Elsewhere, there was mild improvement from Bradley James as Arthur, after his worryingly bland debut last week. The same can't be said of guest star Will Mellor (Two Pints And A Packet Of Crisps), who is utterly insipid as Valiant. While physically a decent fit for the role, Mellor is awkward in nearly every other respect. He looked plain embarrassed when required to kiss Morgana's (Katie McGrath) hand, such was the cliché of the gesture.

The story could also have been told in 20 minutes, meaning "Valiant" became something of a chore to sit through in its second half -- not helped by the fact everything wrapped up exactly as expected, with no surprises. If future episodes follow the pattern that seems to be emerging already (a magical threat to Camelot or its people, but Merlin saves the day using his own covert magic) then the show will become very boring very quickly.

Overall, if you're happy for Merlin to be aimed at the under-10s and just provide a bit of colourful nonsense, "Valiant" is proof that Merlin will be the show for you. But, if you'd like something a bit meatier and rewarding, that gets kids thinking and gripped by unexpected twists and clever imagination, this second episode doesn't offer any nourishment. Considering there are so many fantasy-themed books and films around for inspiration, it's rather dispiriting to find Merlin isn't producing something more relevant and complex that both kids and adults will enjoy. But, y'know, if green CGI snakes, Will Mellor scowling and beautiful locations are all you're really after… abracadabra!

27 September 2008
BBC1, 6pm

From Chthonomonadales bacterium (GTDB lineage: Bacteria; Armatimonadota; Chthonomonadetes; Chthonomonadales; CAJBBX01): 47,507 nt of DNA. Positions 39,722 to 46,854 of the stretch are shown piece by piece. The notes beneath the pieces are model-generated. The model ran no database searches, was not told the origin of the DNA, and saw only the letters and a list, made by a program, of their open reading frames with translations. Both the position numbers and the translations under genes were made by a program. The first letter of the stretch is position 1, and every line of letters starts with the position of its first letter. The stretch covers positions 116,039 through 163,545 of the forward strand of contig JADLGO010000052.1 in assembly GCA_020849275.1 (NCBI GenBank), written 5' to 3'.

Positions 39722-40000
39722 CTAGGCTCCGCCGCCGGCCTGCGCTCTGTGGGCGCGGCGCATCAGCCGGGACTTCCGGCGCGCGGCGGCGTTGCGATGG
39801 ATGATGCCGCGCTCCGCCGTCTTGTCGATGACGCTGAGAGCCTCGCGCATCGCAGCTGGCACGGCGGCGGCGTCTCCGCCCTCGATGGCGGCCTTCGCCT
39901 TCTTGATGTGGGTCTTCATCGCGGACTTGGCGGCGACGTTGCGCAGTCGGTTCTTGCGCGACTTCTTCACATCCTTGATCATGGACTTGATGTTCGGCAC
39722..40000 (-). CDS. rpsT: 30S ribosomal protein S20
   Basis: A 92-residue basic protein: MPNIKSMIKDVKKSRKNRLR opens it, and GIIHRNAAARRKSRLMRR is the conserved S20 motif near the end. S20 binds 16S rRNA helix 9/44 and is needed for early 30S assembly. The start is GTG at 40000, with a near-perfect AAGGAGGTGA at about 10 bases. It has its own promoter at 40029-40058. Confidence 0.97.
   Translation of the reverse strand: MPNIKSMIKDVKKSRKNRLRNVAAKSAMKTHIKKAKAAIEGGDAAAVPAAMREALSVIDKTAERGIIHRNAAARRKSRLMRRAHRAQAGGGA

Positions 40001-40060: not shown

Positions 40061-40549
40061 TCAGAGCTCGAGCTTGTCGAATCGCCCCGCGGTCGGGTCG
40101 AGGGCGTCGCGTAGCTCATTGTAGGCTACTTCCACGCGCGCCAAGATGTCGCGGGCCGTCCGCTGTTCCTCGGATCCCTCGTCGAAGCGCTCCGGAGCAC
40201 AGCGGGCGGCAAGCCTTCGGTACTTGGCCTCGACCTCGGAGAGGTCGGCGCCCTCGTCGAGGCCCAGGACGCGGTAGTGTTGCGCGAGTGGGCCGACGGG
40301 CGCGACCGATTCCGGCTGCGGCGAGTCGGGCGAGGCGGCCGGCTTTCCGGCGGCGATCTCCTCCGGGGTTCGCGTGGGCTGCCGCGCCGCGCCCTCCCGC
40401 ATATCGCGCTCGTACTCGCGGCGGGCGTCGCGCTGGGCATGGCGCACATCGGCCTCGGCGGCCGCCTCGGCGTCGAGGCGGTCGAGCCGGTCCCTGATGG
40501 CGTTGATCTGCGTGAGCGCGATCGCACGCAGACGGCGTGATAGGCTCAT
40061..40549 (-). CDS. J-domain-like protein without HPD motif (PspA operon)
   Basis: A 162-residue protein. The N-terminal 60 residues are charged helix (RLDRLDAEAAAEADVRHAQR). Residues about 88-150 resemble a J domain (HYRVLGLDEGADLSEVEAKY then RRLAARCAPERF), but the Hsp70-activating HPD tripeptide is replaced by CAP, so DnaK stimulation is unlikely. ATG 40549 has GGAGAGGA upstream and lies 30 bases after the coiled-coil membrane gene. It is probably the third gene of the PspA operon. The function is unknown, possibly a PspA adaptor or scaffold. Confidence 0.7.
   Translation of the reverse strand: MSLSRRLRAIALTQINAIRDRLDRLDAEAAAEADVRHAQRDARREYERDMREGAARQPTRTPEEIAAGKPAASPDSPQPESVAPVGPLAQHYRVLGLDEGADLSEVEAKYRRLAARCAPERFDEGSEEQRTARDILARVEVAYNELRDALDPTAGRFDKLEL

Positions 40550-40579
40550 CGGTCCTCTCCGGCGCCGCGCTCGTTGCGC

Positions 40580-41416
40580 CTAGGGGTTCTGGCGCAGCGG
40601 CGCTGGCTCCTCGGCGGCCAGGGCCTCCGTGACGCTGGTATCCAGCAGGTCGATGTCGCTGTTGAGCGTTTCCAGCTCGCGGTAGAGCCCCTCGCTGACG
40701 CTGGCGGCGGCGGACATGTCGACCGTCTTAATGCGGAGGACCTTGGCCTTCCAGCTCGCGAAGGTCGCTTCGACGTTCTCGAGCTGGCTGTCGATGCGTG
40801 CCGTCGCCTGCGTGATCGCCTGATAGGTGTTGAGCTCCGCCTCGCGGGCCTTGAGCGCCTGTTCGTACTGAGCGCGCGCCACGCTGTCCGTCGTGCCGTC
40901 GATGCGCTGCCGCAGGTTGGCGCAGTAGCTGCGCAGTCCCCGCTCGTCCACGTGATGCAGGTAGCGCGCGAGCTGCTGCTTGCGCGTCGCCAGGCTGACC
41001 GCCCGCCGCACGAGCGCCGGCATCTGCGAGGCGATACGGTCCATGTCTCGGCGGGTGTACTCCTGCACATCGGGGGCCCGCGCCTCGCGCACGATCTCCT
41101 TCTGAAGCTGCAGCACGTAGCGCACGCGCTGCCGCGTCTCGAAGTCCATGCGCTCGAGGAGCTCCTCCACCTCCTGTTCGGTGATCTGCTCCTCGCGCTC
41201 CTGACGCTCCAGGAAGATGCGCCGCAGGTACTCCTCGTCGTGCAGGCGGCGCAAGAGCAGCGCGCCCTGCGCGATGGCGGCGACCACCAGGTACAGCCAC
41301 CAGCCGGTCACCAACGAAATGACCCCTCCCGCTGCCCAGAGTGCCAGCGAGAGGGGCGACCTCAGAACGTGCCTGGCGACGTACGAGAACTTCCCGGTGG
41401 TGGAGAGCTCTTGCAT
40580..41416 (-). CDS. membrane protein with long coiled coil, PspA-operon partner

Monday, 29 September 2008


TV time-saving tip: don't bother watching SCD on Saturdays, just catch the Sunday results show. They recap the whole thing, include a side-order of professional dances, and obviously give the phone vote result without a 24-hour wait. If any of the celeb dances pique your interest, you can always watch them on YouTube in their entirety, too. Result, no?

After last week's men's only start, it was ladies night for the celebrity girls...

JESSIE WALLACE & Darren Bennett
I don't think Jellie's, er Jessie's, especially attractive, but she has a cheeky wildcat attitude that's appealing. She certainly made a decent start, in a gold frilly dress with short skirt showing lots of chunky leg. Very wiggly and fun, if not very disciplined. Shame about the Flavia-like hairdo, too.

Another EastEnder, but from a past era of that soap. To be fair, Gillian's quite good-looking for her age, and her worst aspect (that husky cockney voice) is mostly avoided in a dance competition. Here, she went for a long yellow dress that hid whatever lurks beneath, wearing her hair up. Stylish, but not that sexy.

LISA SNOWDON & Brendan Cole
This year's prime piece of eye-candy, Lisa certainly made her mark with a tight-fitting silver/black sequined dress that showed off every millimetre of her fabulous legs. A tiny skirt that lifted considerably in spins only added to the whole effect. Gorgeous.

JODIE KIDD & Ian Waite
Another hottie, but Jodie was sadly stuck with a long, flowing white dress and '20s-era hair. Still, hopefully this statuesque blonde bombshell will show some flesh next week. Disappointing start, have to say.

HEATHER SMALL & Brian Fortuna
Hm. I just don't fancy her in the slightest – to many manly features for me, although that awful green dress at least boosted her cleavage.

A dark horse of the competition, methinks. Another saucepot stuck with a long dress, although her smiley demeanour and graceful performance left a mark.

RACHEL STEVENS & Vincent Simone
The tabloids reports that the former S Clubber is against wearing anything too revealing, which is a bad sign. But, even though her aquamarine dress wasn't the skimpiest in the world, the petite popstar filled it out very well. Beautiful features with fluid and sexy moves – she should be dynamite if her tailor is allowed to cut loose. More flesh, Rach!

CHERIE LUNGHI & James Jordan
The MILF of the group, in an apple green dress. A very graceful, refined performance. Not very sexy, but I like her sense of class and style. If I was 20 years older...